The Houthi movement started as a series of student clubs in the early 1990’s and reflected Yemen’s specific form of fundamentalist Shi’ism combined with ideas of national liberation and development. Although theologically differing, Houthis read the work of Nasrallah and found a comradeship with Hezbollah and Iran. The Houthis shared a similar anger to the American invasion of Yemen. As their rhetoric became more and more critical of Israel, America and most importantly Saudi Arabia’s influence in Yemen. The government responded by launching a series of mass arrests in 2004. The Houthis left the cities began a guerrilla war from Western Yemen’s Mountain ranges. Saudi Arabia military alliance with Yemenis government could not stop this insurgency. Both parties signed a negotiated ceasefire in 2010. Throughout this time Hezbollah and Iran had been active in building closer relationships with the Houthis and spreading the tactics learned from the 34-Day War.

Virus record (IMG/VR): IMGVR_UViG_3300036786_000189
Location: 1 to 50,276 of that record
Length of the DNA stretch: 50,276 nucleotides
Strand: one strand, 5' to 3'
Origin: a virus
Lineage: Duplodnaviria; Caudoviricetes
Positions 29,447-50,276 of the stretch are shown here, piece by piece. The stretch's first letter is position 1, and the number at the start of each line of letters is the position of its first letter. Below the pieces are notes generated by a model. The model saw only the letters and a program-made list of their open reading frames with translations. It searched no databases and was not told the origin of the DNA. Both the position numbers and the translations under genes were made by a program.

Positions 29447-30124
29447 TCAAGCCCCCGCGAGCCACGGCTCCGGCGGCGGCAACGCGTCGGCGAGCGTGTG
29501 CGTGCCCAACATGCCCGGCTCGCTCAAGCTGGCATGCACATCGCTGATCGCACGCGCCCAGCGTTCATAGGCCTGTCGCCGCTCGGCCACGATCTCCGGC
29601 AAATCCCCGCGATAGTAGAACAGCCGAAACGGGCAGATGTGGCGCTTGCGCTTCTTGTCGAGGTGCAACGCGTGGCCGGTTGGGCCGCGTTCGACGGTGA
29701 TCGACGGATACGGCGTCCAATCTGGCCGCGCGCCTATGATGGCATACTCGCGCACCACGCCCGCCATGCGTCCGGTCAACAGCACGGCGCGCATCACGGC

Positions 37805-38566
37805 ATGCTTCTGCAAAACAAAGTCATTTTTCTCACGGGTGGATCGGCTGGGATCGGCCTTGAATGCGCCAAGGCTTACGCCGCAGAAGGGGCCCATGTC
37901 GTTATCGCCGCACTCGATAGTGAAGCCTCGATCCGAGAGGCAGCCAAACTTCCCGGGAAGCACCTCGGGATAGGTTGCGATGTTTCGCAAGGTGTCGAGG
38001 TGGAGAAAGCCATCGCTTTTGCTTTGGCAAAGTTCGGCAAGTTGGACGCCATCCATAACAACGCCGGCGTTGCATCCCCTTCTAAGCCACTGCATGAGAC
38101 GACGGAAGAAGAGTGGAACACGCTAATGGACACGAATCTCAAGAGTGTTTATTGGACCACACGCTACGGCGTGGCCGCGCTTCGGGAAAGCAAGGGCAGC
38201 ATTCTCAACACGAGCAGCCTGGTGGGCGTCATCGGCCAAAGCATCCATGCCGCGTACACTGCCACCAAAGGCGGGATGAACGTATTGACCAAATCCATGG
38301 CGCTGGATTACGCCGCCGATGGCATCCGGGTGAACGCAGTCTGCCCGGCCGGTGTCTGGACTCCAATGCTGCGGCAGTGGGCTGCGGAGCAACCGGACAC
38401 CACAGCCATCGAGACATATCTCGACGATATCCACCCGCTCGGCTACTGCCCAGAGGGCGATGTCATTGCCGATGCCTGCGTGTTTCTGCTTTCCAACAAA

When the popular Arab Spring protests in 2011 removed their long-time dictator, the Houthis began to gain more state power. Taking over important infrastructure like radio stations, wells and staffing government administration with their men in mainly the western Shia parts of the country. Throughout all these successes they maintained a key technical and material relationship with the revived militant Shia movement. The Houthis and Hezbollah had both defeated a comprehensive assault on their holdings by much larger armies. The theological and political implications of these victories were great, as they affirmed the long revolutionary struggle of radical Shia since the Iranian revolution. Due to these organization’s clandestine nature, the details of their relationships are shrouded in mystery. It is certain however, that they feel closely linked to each other even though Yemen is comparatively far away from Iran and Lebanon. Supplies, training, and intelligence sharing were most likely prevalent.